The broad field of analysis
One can analyse everything – data, things, processes, events etc. Depending on what is being analysed, the correct methodologies will be used. Without a thorough preparation, the analysis will not usually be successful. Every analysis should be done systematically. Analysis could, therefore, be defined as dividing the whole into connected pieces.
Analysis is important in every field. In the economic fields, analysis is of crucial importance in banking, and information and communications sector. Without analysis, no well working and useful information system will be created. A not carefully conducted analysis might result in a failure of a software project, huge expenses, or the creation of something that the client didn’t want. In the worst case scenario, everything aforementioned happens at once.
The development steps of an information system are pretty strict. Depending on the methodologies, these steps might happen one after another or in parallel to make the project more agile. The development methodologies depend on the type of an information system but every methodology starts with a systems analysis, even if the system is not related to computing.
The analysis could be conducted on many levels – the main part of the business analysis is processes and the business analysis could stay on a conceptual level.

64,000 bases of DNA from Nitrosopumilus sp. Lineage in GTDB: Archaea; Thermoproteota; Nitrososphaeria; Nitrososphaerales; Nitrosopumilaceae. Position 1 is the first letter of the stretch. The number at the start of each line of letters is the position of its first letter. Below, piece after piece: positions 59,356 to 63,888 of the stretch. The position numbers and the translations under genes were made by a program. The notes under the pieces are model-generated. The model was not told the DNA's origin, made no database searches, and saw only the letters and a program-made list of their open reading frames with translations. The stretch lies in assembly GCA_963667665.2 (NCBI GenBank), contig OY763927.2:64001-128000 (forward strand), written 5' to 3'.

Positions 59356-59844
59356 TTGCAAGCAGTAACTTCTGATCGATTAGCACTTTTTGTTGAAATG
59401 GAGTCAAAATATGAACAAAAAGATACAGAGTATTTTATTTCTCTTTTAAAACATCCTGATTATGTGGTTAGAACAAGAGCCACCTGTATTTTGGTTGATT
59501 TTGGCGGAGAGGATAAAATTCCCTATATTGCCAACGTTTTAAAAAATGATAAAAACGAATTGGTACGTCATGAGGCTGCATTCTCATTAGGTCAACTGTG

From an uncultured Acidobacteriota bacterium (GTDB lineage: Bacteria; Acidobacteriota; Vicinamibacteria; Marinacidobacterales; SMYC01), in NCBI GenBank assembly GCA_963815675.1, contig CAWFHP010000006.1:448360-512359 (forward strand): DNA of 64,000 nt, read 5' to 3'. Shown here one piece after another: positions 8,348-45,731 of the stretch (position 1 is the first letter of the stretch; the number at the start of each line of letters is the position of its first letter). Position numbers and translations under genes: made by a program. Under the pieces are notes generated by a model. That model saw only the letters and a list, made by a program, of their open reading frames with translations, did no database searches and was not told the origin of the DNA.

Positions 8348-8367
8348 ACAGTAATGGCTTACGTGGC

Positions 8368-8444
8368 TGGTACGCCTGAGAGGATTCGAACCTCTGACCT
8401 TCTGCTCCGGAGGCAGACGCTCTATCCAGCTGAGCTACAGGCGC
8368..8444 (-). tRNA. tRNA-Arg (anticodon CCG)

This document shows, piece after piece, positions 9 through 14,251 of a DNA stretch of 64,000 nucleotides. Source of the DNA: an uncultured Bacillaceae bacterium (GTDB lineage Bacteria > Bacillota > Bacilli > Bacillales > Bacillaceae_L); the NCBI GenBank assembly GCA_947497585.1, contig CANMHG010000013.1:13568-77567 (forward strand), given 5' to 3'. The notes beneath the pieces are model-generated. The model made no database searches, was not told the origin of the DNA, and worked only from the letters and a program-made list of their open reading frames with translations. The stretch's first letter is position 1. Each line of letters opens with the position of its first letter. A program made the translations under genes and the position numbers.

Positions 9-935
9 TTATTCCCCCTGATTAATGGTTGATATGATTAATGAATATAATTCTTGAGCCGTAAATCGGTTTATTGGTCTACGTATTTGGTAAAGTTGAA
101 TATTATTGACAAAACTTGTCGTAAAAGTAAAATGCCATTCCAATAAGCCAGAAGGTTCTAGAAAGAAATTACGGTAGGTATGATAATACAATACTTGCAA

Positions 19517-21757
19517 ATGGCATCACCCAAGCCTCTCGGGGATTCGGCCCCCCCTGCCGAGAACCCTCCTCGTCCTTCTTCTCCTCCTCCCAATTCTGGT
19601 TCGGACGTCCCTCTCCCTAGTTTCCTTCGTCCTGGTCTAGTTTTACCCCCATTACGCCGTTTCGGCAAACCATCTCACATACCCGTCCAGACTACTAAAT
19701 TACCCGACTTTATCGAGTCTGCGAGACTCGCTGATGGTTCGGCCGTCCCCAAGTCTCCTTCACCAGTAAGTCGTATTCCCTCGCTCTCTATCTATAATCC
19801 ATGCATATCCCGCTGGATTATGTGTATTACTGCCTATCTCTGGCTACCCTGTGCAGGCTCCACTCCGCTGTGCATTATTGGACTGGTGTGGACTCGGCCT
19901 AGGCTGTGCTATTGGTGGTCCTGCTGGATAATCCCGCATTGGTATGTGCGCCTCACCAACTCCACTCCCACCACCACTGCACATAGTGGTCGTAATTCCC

Systems analysis main objectives are to understand the systems more thoroughly, describe the systems needs, technicalities, and details. Both versions of analysis enable analysts to explore the systems methodologically and help to decompose it into little pieces to understand how everything works together.
Business analysis begins with the mapping of the current project’s or system’s state. Client interviews are an important input and help to understand the most important problems that a client has. These problems might be, for example, the automation of a process or the renewal of an already existing information system.
Identifying these processes and writing a report on them is occasionally one of the results of the business analysis. The report could then be used to identify the requirements for an information system or finding some relevant solutions to problems. Business Process Model and Notation (BPMN) is also an important component in business analysis that helps to identify connections between multiple actors in the processes that are done using the system.
Figure 1 – example of business process management (BPM) 
Therefore, business analysis objectives are:
- identifying the client’s needs (problems, objectives etc.);
- describing the current state of a project (problems);
- processes mapping (inside the information system and out of it);
- describe the system’s requirements to a client so they would be able to meet their business goals;
- Provide relevant solutions to the problems.
In conclusion, analysis helps to avoid excessive reworks. It is also necessary for creating a software that the client is asking for and raises the effectiveness of business processes.
 Figure 1 - https://www.edrawsoft.com/templates/pdf/employment-application-bpmn.pdf